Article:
The Boss's coming of age ballad turns 40
1975 was a make-or-break year for Bruce Springsteen. Although he'd been billed 'the next Bob Dylan' and had rustled up a cult following with his legendary three-hour live sets, at 24 he was still playing the college-and-club circuit. The two albums he published hadn't sold enough to convince Columbia Records that he was worth the continued investment. He hadn't, after all, produced a hit.
With his future in the balance, Springsteen's response wasn't to give in to a more commercial sound. Instead, he aspired to greatness. He spent 15 months writing and rewriting, 18-hour sessions recording and re-recording, and had replaced half of his E Street Band before his third album was ready. Springsteen had almost given up on it — he found it so hard to recreate the sound he envisioned in his head, that he strongly considered scrapping everything and releasing a live album instead. The album's title track, "Born to Run," alone took three and a half months to cut and included more than a dozen guitar tracks.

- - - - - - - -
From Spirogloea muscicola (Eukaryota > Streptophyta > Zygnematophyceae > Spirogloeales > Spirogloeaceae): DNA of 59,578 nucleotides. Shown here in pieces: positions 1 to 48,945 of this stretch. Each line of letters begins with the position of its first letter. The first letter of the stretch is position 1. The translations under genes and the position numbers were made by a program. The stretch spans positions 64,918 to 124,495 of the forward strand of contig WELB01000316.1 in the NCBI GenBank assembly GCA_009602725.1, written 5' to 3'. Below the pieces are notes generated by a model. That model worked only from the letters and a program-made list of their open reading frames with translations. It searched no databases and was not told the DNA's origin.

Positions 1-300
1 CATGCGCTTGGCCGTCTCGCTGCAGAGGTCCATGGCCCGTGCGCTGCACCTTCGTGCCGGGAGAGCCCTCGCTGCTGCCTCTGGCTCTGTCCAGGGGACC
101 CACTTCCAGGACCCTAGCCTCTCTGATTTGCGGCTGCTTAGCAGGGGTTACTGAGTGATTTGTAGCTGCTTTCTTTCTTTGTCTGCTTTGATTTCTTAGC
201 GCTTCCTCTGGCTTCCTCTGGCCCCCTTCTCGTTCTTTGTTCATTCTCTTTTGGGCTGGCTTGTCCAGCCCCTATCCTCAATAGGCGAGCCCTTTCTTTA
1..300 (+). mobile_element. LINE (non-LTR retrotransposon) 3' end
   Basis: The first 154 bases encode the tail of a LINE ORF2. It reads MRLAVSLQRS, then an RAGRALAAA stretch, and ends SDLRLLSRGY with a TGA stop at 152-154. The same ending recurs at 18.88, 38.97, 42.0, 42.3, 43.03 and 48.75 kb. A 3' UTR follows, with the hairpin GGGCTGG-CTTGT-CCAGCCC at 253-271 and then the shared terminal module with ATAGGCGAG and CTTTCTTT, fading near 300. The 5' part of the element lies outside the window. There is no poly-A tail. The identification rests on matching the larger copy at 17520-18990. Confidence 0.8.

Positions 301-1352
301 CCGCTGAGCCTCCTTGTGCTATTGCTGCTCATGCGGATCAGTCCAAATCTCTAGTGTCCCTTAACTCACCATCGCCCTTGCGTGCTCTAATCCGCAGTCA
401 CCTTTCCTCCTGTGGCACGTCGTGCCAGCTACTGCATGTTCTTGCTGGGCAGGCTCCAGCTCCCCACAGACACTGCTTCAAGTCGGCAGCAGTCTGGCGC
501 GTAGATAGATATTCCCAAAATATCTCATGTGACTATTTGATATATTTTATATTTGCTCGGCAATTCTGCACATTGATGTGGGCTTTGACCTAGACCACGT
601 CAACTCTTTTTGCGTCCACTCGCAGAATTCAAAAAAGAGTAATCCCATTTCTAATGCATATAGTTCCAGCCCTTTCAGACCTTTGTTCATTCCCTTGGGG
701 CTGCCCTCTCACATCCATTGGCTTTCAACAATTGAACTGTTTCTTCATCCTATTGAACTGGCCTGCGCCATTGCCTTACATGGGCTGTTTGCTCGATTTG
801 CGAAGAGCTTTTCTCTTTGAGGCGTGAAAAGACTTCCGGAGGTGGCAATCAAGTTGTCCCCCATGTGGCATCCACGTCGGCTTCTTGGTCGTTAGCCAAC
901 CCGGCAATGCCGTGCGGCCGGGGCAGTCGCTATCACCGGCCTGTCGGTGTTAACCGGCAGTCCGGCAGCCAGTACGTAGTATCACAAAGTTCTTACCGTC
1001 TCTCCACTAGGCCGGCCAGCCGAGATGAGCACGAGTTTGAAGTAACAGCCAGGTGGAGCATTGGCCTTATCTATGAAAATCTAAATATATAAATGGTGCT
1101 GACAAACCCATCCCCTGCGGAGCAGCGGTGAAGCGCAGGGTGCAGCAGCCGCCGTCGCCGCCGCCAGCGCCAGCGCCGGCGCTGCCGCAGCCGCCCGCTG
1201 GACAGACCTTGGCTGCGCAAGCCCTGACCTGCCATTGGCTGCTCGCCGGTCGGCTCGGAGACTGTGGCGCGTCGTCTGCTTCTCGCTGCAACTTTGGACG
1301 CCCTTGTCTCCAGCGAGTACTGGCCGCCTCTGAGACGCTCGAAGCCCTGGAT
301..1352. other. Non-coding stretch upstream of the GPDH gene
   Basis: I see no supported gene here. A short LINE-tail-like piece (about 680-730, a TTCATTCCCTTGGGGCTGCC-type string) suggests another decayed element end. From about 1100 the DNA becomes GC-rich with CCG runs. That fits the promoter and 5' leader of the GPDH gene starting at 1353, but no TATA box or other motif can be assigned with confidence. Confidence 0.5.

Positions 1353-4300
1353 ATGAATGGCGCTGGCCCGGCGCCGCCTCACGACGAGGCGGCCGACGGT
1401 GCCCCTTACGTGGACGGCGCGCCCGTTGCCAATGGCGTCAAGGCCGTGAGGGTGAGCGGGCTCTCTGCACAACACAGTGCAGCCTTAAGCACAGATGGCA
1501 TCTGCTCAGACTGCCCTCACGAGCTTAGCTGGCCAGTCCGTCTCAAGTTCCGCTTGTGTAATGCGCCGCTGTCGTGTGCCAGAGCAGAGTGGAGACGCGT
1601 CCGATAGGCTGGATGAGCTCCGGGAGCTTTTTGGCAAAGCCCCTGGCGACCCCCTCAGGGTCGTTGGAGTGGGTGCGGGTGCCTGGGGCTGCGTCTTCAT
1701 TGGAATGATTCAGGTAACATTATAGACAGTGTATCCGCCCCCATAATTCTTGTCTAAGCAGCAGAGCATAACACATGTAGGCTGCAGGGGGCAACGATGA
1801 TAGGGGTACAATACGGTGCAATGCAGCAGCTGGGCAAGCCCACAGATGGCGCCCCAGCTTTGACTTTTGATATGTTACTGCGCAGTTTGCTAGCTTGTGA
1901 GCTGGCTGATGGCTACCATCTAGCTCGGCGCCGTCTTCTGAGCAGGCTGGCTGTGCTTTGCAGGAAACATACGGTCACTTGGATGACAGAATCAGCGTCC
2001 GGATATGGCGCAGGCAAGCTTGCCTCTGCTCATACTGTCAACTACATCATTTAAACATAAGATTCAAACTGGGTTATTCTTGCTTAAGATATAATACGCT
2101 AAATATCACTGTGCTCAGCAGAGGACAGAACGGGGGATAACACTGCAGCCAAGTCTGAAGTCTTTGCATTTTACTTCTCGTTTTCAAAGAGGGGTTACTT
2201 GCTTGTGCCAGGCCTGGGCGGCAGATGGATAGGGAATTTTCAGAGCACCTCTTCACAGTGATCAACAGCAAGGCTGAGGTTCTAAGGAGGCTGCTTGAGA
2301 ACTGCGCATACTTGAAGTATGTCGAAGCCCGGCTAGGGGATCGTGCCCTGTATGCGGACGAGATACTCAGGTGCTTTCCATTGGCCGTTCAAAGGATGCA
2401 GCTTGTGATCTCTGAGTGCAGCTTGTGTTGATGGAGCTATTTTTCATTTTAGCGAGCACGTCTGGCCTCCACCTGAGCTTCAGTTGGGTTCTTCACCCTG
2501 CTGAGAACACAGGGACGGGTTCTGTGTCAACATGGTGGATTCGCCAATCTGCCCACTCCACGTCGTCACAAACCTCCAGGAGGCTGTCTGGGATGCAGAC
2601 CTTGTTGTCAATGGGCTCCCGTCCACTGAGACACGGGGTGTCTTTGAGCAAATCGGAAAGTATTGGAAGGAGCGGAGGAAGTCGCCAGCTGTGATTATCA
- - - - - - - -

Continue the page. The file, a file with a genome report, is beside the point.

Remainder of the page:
As it turns out, all the effort wasn't for naught. That same title track became Springsteen's first Top 40 hit. In fact, forty years ago this month, that album kickstarted Springsteen's transformation from skinny Jersey Shore songwriter into a veritable rock archetype. Simultaneous Newsweek and TIME covers came soon after the album's release, proclaiming Springsteen a "rock star" and "rock's new sensation." That hard-earned sound came to define its time, paving the way for a tumble of hits down the road. The rest, as they say, is history.